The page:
Instead of listening to my preferred talk radio station on my long drive between the Washington, D.C. area and my home in central Virginia, other sorts of sound tracks allowed my mind to wander the other evening.  I started thinking about three of the seven key habits in the book How to Think Like Leonardo da Vinci, which happen to correspond to practices recommended by the “stand-out” leaders cited in the 2010 IBM CEO study:

  1. Curiosità, and questioning;
  2. "Dimonstrazione": Experiential learning, which goes with the willingness to make, and learn from, mistakes, and,
  3. "Sfumato": Comfort with uncertainty and ambiguity.

It then dawned on me that these ways of being all relate to overcoming fear.  Even the term used in the report, “stand-out,” implies people who are willing to follow their own instincts and speak their truths in the face of “group think” and at the risk of rustling feathers, or worse.

I’d been wondering about the linkage that those successful leaders alluded to between
Standing out in a field
creative/innovative thinking and “integrity.”  As was said, yes, it does take courage to question the status quo, go into unknown territory, and be willing to learn from mistakes. But I then saw a deeper connection: that overcoming one’s own fears requires personal integrity.

As President F.D. Roosevelt said, “… the only thing we have to fear is fear itself.”  Although the two words, “curious” and “courage,” are not etymologically related, it occurs to me that they are intertwined.  Both require a willingness to question, to forge into the un-known, and to risk making mistakes.

It seems to me that fear is what sabotages our capacities for creative expression and innovative thinking.  It is fear that seduces many of us and keeps us in our comfort zones.  It is those people who have no choice, or those who are inspired by the greater visions, who exhibit to us time and again that “Necessity is the mother of invention.”

What moves us to overcome our fear?  Inspiration.  The word “inspire” derives from the Latin: “to breathe,” and is related to the word “spirit”: “The vital principle or animating force within living beings.”  Inspire: (American Heritage dictionary, 4th Edition)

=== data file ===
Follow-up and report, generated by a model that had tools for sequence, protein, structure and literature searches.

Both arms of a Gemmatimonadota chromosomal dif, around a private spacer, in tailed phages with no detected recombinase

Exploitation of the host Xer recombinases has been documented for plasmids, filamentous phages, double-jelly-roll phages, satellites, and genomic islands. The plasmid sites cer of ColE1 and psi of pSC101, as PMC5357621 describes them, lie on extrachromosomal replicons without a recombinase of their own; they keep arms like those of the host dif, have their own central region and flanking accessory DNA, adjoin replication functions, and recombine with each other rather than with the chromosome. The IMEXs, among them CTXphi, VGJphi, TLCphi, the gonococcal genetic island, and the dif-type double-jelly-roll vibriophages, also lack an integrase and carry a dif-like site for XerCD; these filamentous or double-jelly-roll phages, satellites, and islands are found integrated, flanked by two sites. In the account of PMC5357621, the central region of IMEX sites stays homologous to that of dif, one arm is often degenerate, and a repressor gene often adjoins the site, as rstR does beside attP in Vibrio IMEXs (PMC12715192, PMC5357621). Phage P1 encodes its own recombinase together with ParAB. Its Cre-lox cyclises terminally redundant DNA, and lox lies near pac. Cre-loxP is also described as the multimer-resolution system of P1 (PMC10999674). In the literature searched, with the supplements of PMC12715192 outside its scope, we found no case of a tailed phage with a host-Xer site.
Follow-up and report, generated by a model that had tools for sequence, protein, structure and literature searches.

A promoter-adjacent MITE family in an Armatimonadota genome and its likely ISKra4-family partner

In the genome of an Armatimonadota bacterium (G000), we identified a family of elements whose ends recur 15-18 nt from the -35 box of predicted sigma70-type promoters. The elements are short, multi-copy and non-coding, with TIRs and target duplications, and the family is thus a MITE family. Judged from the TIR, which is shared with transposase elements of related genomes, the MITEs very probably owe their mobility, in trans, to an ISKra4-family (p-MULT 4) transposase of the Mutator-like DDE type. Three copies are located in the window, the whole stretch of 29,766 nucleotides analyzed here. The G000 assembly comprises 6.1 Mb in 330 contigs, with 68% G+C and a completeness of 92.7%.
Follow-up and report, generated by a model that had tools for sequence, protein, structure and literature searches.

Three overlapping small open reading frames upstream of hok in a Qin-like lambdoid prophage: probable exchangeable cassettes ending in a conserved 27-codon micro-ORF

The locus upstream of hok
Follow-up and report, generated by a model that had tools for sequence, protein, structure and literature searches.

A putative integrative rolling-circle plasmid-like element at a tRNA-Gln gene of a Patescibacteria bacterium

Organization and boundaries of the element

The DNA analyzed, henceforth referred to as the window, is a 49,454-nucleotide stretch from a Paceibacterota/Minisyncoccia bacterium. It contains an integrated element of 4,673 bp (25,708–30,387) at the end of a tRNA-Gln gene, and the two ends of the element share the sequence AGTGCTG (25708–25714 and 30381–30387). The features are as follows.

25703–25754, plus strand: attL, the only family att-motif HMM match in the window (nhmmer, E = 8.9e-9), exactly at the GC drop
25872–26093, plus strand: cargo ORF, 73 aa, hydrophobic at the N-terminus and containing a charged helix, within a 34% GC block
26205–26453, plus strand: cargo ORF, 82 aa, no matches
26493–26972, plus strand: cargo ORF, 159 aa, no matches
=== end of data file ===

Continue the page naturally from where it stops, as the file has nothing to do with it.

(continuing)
1.    To affect, guide, or arouse by divine influence.
3a. To stimulate to action; motivate
5.    To be the cause or source of; bring about
6.    To draw in (air) by inhaling.
7.    Archaic  b. To breathe life into.  

Brave people, warriors on any number of fronts, consistently say that they do experience fear, but they push themselves beyond it for the sake of others or because they are inspired by causes or visions beyond themselves.

We were born inspired with curiosity about life and possibilities.  As little children, most of us didn’t fear being “wrong” when unfettered imagination was allowed and for which there was no right or Teacher --( wrong.  But gradually, fear crept in as we were acculturated to come up with the correct answers, to draw between the lines, and not be perceived as too different, “weird” or “stand out” from the crowd.  Actually, come to think of it, this is ironic in America, where the dominant culture is considered to be the most “individualistic”  in the world… Food for thought for a future blog post. 

Some say Leonardo da Vinci was the most curious man who ever lived.  But then, there was Socrates, who inspired even the maestro and other great Renaissance minds.  Our greatest artists and leaders overcame their fears through what inspired them and through their own integrity, often in the face of tremendous sacrifices.  These men and women continue to stand as inspirational figures for all of us.  Those who saw what was possible and asked “Why not?” and “What if…?”

What comes to mind regarding overcoming our own insecurities is the well-known Marianne Williamson poem quoted by Nelson Mandela in his inaugural address.  It speaks so poignantly to the fear that many have of standing out and the need for being true to our gifts in order to benefit others:

Our deepest fear is not that we are inadequate.
Our deepest fear is that we are powerful beyond measure.
It is our light, not our darkness that most frightens us.
We ask ourselves,
Who am I to be brilliant, gorgeous, talented, fabulous?
Actually, who are you not to be?
You are a child of God.
Your playing small does not serve the world.
There is nothing enlightened about shrinking so that other people won't feel insecure around you.
We are all meant to shine, as children do.
We were born to make manifest the glory of God that is within us.
It's not just in some of us; it's in everyone.
And as we let our own light shine, we unconsciously give other people permission to do the same.
As we are liberated from our own fear, our presence automatically liberates others.
A Return To Love: Reflections on the Principles of A Course in Miracles

 That’s what truly inspirational leaders and innovators do: they do not shrink from standing out, from speaking their truths, or from daring to inspire with imagination.  We need a lot more of them; we need to be them.  As Ms. Williamson wrote in her more recent book, Age of Miracles, our world desperately needs our full range of skills which includes our creative imaginations, “All hands are needed on deck.”  

So now, I have some contemplating to do. If you care to join me in pondering these questions, please do.

  • What have you been most afraid of?  What has gotten in your way of following your heart’s desires? 
  • What inspires you?  When do you feel most alive?  
  • What helps you to overcome fear?

And best of all:

  • Where would you love your inner “drummer” to lead you in this year ahead?